Assumed prior knowledge
To be able to follow the course, the students should have basic knowledge of mathematics and computer science. More specifically the course will strongly rely on:
working knowledge of basic linear algebra, including matrix manipulations;
working with complex numbers;
basics of algorithms and computational complexity theory.
Understanding of basics of computability theory (or mathematical theories of computation, e.g. Turing machines, μ-recursive functions, lambda calculus) is beneficial. No previous knowledge in physics, quantum mechanics or quantum information is required.
Quantum computing is a relatively novel model of computation which has served as a hot buzz word in science writing for years. It is often singled out as one of the upcoming technologies which will revolutionize our world. Despite all the popularity and research efforts, the power quantum computing is still widely misunderstood and misrepresented. Moreover, very often it is claimed that for a genuine understanding of quantum computing one requires expertise in quantum physics; in this course you will see that this is not the case.
In this course you will learn:
what quantum computing is,
how quantum algorithms work, and
what quantum computers are actually useful for.
Throughout the course you will also have the possibility to write programs for a quantum computer and, conditions permitting, run your programs on a real quantum computer. The emphasis of the course is on quantum algorithm theory. This course will include formal analyses of quantum algorithms, proofs of correctness and separations, and is recommended for students with affinities towards mathematics and theoretical aspects of computer science.
The objective of this course is to provide the students with a clear overview of the basics of theoretical quantum computing , quantum algorithms and insights into the key applications of quantum computers.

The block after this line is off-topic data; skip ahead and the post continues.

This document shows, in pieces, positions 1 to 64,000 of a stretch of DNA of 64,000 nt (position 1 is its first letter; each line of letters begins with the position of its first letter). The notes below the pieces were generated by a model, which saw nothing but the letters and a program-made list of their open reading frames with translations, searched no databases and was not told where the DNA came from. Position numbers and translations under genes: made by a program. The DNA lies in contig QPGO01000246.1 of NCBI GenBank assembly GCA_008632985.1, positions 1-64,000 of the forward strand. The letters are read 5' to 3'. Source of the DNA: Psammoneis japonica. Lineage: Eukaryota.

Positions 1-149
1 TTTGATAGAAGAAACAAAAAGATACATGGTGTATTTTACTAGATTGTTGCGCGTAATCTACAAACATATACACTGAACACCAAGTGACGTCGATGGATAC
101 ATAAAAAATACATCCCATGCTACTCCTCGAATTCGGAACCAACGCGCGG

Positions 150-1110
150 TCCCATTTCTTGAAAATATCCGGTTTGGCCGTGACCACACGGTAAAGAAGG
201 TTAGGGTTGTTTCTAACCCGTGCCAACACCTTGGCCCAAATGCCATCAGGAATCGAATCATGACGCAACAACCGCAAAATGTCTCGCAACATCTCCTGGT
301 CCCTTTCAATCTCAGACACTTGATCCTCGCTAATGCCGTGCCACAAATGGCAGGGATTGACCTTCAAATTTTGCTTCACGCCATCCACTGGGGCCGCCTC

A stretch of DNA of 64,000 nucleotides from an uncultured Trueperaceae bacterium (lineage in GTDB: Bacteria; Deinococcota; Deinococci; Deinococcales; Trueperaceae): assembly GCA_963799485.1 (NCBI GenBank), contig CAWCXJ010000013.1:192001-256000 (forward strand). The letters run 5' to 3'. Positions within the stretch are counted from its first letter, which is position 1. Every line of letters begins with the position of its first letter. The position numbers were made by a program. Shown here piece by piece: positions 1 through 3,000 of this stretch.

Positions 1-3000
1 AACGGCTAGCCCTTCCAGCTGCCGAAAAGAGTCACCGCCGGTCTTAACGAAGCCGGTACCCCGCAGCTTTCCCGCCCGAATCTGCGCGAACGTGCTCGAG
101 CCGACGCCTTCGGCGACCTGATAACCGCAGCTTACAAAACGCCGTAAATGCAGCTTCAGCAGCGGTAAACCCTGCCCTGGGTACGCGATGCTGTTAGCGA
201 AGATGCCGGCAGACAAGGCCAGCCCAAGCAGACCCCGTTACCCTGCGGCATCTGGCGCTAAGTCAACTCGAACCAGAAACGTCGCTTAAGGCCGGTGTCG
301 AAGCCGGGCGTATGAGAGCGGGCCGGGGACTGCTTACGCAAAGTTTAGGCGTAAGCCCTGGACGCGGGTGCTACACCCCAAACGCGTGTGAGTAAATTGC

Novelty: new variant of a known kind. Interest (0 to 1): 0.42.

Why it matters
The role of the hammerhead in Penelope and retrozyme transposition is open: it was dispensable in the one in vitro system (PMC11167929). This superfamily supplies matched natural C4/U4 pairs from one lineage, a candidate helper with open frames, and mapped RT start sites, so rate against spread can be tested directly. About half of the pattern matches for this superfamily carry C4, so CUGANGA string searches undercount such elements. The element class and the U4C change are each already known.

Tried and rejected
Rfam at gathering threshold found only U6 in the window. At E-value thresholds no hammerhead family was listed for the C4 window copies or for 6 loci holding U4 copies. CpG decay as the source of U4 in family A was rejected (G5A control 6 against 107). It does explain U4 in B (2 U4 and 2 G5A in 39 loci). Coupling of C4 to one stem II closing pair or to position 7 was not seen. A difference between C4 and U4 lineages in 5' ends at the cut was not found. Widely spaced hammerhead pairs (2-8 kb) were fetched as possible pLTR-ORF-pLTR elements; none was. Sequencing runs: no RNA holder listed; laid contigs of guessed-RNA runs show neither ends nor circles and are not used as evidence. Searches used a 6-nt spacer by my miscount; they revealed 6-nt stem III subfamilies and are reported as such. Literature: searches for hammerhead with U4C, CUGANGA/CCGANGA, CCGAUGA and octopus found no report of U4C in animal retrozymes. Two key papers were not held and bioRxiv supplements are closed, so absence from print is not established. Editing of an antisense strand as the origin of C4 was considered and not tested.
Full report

At the end of the course, the successful student will:
know what quantum computing is, and how to simulate (small) quantum computations;
know the basic results regarding the computational power of quantum computers (complexity theory);
know examples of basic quantum algorithms and applications;
have a basic overview of modern trends in quantum computing, specifically progress in applications for near-term (shallow) quantum computers.
Interested students will also have hands-on experience in programming of basic quantum programs.
The most recent timetable can be found on the students' website.
Mode of instruction
Total hours of study: 168 hrs. (= 6 EC)
Lectures: 26:00 hrs.
Tutorials: 26:00 hrs.
Projects and assignments: 116:00 hrs.
Students will be evaluated by means of take-home assignments (50%) and mini projects (50%).
The teacher will inform the students how the inspection of and follow-up discussion of the exams will take place.
Nielsen and Chuang, Quantum computation and quantum information.
Links to extensive on-line literature to be provided during lectures.
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